No AM/FM Radio Allowed In Cars

Supervisors wanted officers to focus on calls for service. “They would check the cars sometimes to make sure you didn’t have a little transistor radio,” Helton said. “You were not supposed to have those. Of course now with smartphones you’ve got everything.”

Old PDLess-Lethal Weapons

Back then when officers arrived at a call for service and got out of their cars to talk with citizens, they looked a little like today’s officers wearing riot gear. “Your less-lethal weapon was a wooden baton. You had your firearm and a wooden baton. So you can imagine today getting out on a call with that baton and putting it in your belt or holding it in your hand while you’re talking to somebody. A much different and intimidating look. So now we have the ASP baton that collapses and goes on the belts, you don’t even really see it’s there, OC spray, Tasers, all of that being a much better remedy when you’re dealing with somebody who’s combative rather than something that’s going to injure somebody.”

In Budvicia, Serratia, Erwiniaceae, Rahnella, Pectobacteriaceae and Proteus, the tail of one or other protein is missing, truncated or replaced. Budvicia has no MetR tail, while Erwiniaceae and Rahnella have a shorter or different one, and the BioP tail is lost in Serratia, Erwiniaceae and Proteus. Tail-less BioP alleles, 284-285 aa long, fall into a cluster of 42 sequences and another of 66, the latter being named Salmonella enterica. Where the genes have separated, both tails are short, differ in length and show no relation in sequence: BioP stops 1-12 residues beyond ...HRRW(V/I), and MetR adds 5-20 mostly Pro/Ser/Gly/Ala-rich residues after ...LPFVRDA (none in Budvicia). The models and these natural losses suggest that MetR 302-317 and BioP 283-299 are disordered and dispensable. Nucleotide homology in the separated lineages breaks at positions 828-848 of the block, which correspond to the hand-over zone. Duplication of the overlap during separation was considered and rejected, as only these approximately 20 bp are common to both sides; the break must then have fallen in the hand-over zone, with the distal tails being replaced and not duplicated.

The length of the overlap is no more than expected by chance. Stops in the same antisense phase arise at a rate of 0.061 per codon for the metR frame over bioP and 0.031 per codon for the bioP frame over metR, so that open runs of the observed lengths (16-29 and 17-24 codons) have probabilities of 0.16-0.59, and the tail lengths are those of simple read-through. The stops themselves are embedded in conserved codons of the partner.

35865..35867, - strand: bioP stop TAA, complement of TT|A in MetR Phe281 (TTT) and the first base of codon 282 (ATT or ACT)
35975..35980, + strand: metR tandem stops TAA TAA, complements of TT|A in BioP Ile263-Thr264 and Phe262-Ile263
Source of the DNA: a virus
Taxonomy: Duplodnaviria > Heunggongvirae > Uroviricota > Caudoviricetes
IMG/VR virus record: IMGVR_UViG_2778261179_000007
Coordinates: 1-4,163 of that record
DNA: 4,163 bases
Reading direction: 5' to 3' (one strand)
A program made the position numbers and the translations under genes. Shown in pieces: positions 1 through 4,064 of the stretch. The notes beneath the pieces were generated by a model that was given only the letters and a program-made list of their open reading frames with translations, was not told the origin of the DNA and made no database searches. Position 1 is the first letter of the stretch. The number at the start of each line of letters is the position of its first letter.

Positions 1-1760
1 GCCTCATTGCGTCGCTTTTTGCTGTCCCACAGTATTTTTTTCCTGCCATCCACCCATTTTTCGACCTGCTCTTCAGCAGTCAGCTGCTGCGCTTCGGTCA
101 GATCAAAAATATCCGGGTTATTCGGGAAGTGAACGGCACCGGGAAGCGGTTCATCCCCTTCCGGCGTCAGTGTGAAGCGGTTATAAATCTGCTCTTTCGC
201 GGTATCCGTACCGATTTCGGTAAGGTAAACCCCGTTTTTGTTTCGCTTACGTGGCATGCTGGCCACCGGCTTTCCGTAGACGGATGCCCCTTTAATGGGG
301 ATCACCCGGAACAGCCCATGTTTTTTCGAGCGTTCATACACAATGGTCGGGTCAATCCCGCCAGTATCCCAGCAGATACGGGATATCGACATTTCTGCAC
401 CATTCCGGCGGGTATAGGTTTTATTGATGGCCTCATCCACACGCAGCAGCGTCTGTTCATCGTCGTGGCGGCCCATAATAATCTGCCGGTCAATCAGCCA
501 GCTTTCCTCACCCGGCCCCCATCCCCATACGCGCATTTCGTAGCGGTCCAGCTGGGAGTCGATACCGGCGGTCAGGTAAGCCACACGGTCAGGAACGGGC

GPD’s standard issue firearm has changed from revolvers to the .45-caliber Smith & Wesson.

“When I started we had revolvers, old six shooters with speed loaders to load it,” Helton said. “You put the speed loader in there, click it and you hope your bullets didn’t fall out when you’re going through your training. But now of course, they’ve got semi-automatics with magazines and it’s just so much easier.”

Rotating Shifts

Today the GPD has three Patrol Districts: East, West and Central, but that wasn’t the case in 1987. Instead of three Patrol Districts, there were five Patrol Teams: Adam, Baker, Charlie, David and Eagle Teams. On each team officers worked a rotating shift that started with third shift, and then went to second and first shifts with a three day break between each shift change.

“At the end of that rotation was a four-and-a-half day break before you would come back onto third again,” Helton said. “Work days fell wherever they fell. You may work every weekend, you may work holidays. Now Patrol officers are on permanent shifts with every other weekend off. That’s a little easier for planning and easier too on your body because back then when you’re swinging shifts every week it’s hard to keep up with when to eat, when to sleep, when to do anything when you’re constantly in that change mode.”